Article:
Walking back from the beach on the central Oregon coast, I look down and see the rock formation above. Looks like the kind of bubble that burbles up when really thick soup starts boiling on the stove, doesn’t it?
That’s lava, obviously. But how come? What’s lava doing here when Oregon’s volcanoes are in the Cascades, more than a hundred miles to the east?
Puzzled, I looked it up and quickly realized how little I knew. The first thing that Google served up was a website of the Oregon Department of Geology and Minerals Industries. And that’s all I needed.
DOGAMI (remember, spelled backwards it’s “I’m a god”) has published and put online “Oregon: A Geologic History.” You can find the whole thing, starting with the introduction, here. It begins with plate tectonics, the shifting of big chunks of the Earth’s crust.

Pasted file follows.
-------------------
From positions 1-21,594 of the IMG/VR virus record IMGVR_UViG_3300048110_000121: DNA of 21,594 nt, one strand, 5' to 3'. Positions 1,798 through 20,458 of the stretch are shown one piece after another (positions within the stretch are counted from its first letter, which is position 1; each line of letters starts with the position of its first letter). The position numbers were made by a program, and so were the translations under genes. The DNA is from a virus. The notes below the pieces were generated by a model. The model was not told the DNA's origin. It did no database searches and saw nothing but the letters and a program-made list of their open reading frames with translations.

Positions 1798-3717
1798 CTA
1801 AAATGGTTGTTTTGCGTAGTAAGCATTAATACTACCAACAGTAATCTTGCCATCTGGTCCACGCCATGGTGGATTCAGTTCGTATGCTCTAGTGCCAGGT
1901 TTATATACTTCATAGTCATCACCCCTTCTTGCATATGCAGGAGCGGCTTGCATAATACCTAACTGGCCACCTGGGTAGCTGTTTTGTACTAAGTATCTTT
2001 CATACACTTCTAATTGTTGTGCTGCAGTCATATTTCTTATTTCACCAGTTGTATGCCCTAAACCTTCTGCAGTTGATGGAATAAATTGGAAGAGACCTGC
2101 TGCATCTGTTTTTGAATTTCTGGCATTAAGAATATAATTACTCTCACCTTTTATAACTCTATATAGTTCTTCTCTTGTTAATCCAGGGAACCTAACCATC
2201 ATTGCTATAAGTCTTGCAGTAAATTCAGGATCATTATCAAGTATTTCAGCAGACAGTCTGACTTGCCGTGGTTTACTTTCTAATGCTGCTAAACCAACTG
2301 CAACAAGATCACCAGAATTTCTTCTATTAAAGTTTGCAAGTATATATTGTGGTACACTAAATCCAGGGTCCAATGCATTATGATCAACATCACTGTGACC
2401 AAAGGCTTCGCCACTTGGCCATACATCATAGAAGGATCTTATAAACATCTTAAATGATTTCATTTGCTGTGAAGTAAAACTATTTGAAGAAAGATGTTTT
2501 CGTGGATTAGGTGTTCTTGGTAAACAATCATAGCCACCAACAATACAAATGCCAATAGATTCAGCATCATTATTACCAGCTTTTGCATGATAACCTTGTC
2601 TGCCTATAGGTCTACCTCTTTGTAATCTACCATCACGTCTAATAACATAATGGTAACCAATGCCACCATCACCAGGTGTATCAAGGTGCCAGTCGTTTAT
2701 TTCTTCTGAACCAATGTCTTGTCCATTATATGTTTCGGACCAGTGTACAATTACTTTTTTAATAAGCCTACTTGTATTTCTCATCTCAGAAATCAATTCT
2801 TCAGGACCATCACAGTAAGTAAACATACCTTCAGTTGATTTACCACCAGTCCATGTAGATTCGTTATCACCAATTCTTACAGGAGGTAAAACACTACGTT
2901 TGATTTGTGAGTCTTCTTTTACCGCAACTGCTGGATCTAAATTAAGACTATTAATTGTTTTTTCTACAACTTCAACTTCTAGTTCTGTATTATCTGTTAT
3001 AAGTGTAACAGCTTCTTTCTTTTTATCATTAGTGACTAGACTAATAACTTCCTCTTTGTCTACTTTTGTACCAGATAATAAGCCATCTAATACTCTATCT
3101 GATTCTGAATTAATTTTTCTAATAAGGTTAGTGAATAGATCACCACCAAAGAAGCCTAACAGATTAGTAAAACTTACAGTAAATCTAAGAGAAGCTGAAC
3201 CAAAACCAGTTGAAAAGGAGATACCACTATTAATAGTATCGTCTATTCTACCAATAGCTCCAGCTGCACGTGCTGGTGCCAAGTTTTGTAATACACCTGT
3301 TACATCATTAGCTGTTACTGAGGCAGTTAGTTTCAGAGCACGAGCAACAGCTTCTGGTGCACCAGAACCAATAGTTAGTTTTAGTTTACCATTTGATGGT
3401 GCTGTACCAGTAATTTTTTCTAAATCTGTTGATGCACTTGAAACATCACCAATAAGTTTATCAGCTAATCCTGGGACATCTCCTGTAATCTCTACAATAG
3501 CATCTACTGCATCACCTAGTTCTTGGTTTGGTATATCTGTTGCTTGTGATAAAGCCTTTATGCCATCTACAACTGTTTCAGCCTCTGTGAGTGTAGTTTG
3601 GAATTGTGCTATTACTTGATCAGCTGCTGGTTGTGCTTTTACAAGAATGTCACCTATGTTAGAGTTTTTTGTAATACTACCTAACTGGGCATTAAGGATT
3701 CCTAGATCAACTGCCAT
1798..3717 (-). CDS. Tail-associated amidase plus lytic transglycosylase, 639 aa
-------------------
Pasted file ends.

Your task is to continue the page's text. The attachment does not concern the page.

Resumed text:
Section 7 is what interests us here. “Coast Range Volcanoes” is the heading.
It’s short and you should read it. In summary, though, between 45 and 36 million years ago, the northwest corner of Oregon drifted across a “hot spot” in the Earth’s crust, which caused a vast amount of volcanic activity in this part of the world, including the very spot I was walking to get back from the beach.
The lava flows and other rock formations of the central Oregon coast, including Cape Perpetua, are the results of all that geologic turmoil eons ago.
Learned something today, so as they say, the day was not a total loss. (hh)